mon 14/10/2019

Rock of Ages | reviews, news & interviews

Rock of Ages

Rock of Ages

Stage-to-screen transfer takes too long to party

From screen icon to 1980s rock god: Tom Cruise's Stacee Jaxx gets down and (kind of) dirty

There's nothing wrong with the film adaptation of the stage show Rock of Ages that more raunch and noise - oops, I meant noize - might not put right, assuming that an amiably dopy immersion in Eighties rock pop is your thing. One of those star-a-minute movies ("Look, there's Mary J Blige!"; "Wait, isn't that Catherine Zeta-Jones?") that may well have been more fun to make than it is to see, the director Adam Shankman enters into the flat-out silliness of the enterprise without fully embracing the correspondingly anarchic spirit. After all, how can you hope to deliver "Nothin' but a Good Time" without the thoroughgoing courage of your go-for-broke convictions? This is the first film in years where I've wanted to go into the projection booth and turn the volume up.  

Set in 1987 LA along a Sunset Strip whose debauchery has clearly got too much for some (Zeta-Jones plays the hip-swivelling embodiment of illiberal America, a role that isn't in the stage version), Rock of Ages exists for one reason: to encourage all concerned to let down their hair. The axiom is well-suited to a decade in which, tonsorially speaking, follicular grandeur was the order of the day. So it seems perverse to report that Hairspray director Shankman has made a strangely cautious movie that seems not to buy into the excesses that the material ostensibly wants to celebrate. It's as if the Greyhound bus seen at the start got off at the wrong exit, leaving the real party happening elsewhere.  

Baldwin and Brand smooch and sing in Rock of AgesThat vehicle, as it happens, is delivering to Hollywood the tellingly named Sherrie Christian (Julianne Hough), a wannabe singer from the Midwest who gets mugged within minutes of setting foot in the moral cesspit reviled by Zeta-Jones, cast as the mayor's puritanical (and hypocritical) wife. Left with seven bucks to her name, urban neophyte Sherrie might be expected to return home at the first opportunity but no! Before you can say "Don't Stop Believing", Sherrie has fallen hard for dimpled rocker-in-waiting, Drew (Diego Boneta), who lands her a job waitressing at a fiscally wayward venue run by Alec Baldwin's lank-haired Dennis Dupree. Russell Brand (pictured above right with Baldwin) pops up as Baldwin's bluntly spoken (would Brand play any other kind?) sidekick and, yes, lover, the two sharing both a smooch and a duet, the latter courtesy REO Speedwagon's "Can't Fight This Feeling". Nor do they.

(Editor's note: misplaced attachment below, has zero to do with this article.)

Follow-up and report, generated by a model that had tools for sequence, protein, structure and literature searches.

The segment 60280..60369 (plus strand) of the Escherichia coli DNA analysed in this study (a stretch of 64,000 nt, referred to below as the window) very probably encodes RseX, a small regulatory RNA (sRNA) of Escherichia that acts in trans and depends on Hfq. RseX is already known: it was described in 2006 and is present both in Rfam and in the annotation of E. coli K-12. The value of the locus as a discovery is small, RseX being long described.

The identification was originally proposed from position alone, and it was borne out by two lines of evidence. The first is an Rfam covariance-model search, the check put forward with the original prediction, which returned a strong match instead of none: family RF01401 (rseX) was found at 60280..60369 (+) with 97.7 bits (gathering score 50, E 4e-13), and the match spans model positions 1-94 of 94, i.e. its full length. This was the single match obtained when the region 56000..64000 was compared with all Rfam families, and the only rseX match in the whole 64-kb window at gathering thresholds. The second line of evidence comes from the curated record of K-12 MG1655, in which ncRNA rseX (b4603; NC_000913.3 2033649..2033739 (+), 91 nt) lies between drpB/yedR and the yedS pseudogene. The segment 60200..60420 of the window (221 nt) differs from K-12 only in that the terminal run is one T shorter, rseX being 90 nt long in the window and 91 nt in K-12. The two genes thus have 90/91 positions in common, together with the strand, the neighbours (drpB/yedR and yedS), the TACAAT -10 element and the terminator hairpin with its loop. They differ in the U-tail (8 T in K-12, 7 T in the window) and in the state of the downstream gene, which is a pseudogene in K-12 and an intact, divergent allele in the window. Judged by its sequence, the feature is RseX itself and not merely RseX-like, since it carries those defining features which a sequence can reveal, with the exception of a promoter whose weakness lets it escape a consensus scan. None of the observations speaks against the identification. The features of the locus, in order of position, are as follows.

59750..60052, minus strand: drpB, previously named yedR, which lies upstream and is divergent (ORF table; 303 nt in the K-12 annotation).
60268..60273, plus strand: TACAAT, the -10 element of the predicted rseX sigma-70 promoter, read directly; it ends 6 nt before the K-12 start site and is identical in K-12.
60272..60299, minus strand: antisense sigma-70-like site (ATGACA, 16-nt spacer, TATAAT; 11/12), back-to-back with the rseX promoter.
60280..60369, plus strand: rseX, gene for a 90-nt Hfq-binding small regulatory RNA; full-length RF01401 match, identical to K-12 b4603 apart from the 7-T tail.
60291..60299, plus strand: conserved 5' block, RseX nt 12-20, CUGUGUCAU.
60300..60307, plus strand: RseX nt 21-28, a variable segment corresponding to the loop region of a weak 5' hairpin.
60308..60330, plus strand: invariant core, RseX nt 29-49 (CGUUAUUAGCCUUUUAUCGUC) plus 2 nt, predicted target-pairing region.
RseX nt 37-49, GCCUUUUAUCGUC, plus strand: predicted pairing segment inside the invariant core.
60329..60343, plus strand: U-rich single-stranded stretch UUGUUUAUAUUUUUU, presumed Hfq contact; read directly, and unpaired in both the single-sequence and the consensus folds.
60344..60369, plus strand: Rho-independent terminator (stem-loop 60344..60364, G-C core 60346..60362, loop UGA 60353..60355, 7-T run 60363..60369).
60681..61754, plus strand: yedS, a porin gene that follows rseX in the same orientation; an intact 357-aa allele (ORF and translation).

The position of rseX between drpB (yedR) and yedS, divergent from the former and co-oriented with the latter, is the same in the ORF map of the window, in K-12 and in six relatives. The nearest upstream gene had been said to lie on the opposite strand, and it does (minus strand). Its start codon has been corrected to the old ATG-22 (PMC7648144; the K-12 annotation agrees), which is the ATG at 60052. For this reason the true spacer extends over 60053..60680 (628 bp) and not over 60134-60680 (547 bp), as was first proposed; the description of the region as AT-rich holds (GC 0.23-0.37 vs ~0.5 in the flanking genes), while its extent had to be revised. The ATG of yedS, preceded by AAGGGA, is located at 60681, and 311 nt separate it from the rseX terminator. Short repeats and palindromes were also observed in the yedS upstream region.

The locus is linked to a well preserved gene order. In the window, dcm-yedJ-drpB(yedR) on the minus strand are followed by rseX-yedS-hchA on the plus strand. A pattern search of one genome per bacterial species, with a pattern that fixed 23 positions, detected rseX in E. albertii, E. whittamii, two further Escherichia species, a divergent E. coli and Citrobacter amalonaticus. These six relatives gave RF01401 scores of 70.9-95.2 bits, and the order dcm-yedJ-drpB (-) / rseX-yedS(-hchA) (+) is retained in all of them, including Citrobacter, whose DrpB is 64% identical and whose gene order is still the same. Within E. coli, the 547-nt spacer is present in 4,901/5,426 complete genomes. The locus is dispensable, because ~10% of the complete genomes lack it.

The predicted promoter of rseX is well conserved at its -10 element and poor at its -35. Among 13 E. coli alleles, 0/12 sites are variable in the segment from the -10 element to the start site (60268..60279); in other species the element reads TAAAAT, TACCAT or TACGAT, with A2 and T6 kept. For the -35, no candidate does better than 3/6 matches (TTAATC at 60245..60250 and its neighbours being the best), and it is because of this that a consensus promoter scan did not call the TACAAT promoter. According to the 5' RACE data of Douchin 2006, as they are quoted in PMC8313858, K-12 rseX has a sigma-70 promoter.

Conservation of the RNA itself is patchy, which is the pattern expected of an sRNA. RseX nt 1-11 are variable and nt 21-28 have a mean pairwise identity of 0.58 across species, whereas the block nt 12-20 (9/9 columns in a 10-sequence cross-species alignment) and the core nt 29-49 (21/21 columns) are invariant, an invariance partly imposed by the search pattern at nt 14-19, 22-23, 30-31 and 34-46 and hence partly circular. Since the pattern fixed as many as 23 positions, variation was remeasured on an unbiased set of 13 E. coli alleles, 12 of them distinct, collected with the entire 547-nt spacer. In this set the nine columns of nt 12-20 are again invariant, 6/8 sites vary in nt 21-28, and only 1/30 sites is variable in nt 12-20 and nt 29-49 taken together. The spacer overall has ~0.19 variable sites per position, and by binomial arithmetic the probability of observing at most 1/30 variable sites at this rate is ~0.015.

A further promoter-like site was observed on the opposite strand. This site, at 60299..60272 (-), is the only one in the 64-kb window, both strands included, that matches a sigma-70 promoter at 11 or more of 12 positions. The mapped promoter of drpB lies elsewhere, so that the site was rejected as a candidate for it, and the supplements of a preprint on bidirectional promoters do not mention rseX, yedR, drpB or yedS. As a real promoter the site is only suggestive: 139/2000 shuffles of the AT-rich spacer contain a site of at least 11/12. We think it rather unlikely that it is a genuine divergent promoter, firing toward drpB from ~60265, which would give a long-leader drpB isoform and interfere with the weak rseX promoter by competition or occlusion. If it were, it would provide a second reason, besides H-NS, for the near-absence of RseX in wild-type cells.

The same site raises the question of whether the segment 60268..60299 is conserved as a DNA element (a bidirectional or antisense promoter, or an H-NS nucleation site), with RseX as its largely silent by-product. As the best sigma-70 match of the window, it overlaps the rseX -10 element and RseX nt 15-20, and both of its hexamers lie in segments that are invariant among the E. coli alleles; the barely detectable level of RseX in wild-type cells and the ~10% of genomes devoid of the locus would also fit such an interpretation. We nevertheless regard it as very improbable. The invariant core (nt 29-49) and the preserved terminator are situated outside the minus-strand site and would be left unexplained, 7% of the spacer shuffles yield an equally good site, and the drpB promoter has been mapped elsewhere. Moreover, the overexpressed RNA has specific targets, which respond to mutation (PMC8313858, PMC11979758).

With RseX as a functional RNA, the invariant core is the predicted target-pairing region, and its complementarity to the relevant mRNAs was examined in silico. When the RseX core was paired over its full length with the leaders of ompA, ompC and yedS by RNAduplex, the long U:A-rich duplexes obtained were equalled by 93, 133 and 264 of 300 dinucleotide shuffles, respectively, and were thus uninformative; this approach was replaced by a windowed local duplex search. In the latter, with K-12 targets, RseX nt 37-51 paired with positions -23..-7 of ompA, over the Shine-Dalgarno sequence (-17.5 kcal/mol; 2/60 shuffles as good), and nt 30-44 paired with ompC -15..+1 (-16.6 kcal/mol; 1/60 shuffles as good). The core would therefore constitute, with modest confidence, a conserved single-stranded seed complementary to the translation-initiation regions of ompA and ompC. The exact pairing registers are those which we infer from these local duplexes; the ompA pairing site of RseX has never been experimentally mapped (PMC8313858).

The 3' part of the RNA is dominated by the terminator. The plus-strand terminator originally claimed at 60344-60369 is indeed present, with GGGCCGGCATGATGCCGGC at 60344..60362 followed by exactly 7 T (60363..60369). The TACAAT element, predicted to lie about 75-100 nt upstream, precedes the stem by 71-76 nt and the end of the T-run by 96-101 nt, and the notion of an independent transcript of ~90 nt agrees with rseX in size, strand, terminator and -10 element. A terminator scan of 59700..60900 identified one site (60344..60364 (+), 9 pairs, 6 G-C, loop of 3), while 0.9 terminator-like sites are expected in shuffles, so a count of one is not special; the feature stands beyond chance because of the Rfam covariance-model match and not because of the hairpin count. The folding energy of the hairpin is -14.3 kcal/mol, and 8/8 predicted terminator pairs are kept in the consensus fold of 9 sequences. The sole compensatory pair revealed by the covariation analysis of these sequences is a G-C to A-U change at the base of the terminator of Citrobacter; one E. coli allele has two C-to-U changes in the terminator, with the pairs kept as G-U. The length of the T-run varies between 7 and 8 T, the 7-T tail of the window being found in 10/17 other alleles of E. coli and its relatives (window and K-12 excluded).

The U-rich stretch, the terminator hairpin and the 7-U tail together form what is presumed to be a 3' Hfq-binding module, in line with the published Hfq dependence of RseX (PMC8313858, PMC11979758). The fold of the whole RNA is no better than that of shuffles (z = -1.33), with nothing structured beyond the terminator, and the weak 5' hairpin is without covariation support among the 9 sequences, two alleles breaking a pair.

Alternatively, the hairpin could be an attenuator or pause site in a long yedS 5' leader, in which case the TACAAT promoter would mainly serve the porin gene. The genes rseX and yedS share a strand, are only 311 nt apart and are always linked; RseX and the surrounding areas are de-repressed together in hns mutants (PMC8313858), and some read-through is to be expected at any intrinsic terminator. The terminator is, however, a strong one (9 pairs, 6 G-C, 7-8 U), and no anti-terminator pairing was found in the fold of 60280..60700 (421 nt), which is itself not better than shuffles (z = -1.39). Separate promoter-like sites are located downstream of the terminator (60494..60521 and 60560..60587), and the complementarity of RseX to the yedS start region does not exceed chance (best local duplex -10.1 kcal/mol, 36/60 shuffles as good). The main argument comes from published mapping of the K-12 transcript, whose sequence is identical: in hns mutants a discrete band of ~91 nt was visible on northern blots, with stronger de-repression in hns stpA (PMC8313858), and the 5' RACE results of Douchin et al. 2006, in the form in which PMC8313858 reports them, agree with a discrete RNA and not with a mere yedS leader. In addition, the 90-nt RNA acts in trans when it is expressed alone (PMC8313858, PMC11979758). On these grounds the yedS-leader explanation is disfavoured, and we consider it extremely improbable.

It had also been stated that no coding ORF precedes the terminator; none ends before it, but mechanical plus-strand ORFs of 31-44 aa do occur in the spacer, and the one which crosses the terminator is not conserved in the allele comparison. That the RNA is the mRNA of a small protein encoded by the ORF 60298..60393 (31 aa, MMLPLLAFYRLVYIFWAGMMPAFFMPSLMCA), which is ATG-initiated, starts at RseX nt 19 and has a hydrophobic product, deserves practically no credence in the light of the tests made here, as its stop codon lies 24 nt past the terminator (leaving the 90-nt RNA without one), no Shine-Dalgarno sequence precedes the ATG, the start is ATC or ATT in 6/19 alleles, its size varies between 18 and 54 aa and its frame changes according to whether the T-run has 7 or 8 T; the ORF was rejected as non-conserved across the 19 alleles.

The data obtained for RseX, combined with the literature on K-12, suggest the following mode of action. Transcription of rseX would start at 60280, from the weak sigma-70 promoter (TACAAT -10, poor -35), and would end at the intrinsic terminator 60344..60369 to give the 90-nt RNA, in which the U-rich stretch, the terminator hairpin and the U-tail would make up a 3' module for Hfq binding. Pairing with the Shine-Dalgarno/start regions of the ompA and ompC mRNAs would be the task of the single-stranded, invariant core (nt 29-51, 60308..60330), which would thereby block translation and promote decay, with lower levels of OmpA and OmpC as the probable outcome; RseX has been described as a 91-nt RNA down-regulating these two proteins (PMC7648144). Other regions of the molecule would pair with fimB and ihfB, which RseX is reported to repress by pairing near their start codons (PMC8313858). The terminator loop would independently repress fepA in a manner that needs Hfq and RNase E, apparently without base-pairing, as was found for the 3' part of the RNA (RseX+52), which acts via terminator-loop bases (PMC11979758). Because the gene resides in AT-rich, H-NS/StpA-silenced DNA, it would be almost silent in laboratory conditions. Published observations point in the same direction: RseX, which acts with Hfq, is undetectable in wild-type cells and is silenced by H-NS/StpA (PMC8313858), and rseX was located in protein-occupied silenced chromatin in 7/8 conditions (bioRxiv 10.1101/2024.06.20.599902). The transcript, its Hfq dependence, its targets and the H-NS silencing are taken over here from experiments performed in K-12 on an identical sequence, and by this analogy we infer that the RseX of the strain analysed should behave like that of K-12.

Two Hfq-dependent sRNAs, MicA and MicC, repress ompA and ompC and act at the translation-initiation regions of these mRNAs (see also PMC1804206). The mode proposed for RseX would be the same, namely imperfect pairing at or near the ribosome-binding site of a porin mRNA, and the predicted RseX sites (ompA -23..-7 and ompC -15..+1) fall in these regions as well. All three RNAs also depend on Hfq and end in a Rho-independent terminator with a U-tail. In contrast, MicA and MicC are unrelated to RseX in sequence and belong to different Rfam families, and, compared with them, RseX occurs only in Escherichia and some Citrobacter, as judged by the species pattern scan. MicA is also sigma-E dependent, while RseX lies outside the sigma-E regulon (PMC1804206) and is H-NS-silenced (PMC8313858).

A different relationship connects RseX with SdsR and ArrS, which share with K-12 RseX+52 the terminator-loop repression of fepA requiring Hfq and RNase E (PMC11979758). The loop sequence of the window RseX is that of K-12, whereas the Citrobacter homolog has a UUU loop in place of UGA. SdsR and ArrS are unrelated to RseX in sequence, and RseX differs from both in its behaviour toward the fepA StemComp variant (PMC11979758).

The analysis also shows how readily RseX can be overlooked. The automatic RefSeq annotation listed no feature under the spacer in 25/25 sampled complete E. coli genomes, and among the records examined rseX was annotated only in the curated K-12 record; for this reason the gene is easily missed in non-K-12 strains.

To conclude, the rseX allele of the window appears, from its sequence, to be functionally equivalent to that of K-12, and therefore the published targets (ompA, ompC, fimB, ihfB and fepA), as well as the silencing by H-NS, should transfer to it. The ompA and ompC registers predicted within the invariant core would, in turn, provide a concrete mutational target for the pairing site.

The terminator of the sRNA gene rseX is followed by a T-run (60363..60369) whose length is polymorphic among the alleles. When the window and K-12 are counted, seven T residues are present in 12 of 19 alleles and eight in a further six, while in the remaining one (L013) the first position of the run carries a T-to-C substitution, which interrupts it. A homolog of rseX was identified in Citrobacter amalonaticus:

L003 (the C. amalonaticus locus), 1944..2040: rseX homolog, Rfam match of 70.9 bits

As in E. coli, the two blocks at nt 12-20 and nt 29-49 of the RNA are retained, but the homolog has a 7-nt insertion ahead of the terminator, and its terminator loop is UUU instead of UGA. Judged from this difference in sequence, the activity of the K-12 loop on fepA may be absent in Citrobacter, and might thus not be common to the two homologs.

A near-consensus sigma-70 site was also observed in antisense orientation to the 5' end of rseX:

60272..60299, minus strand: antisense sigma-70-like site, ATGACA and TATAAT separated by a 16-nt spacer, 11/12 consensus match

Hough and Boneta in Rock of Ages the filmDrew and Sherrie have a rather tougher time of it, between getting derailed into a boy band and a strip club, in turn. The first scenario hardly seems worth fussing about given a puppyish aspect to the large-eyed Boneta (pictured left with Hough) that doesn't exactly correspond with the back catalogue of Twisted Sister. (Oliver Tompsett in the ongoing West End production seems far more comfortable in the same role.) Sherrie's narrative detour brings the open-faced Hough into contact with Mary J Blige, though the R&B star suffers from editing that tends to cut away just as a song, or singer, is getting interesting. Blame that on prevailing assumptions about a public incapable of focusing for more than 30 seconds.

And what of the film's least likely casting: namely, Tom Cruise as the Axl Rose-esque Stacee Jaxx? Hurling himself into a variant on the image-transforming screen gig that served him well in both Magnolia and Tropic Thunder, Cruise lends his sweaty, bare-chested all to the sort of rock god who can barely move without snogging. (Sex being Stacee's thing, he remarks elsewhere to Zeta-Jones that her "tits have held up well".) I'm not sure Cruise's take on Bon Jovi's "Wanted Dead or Alive" would necessarily ensure him a place at London's next alfresco rockfest. But in a film marked by its own timidity, here is one participant who's not afraid to raise some good-natured hell.

Watch the trailer for Rock of Ages


The editing tends to cut away just as a song, or singer, is getting interesting

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Average: 2 (1 vote)

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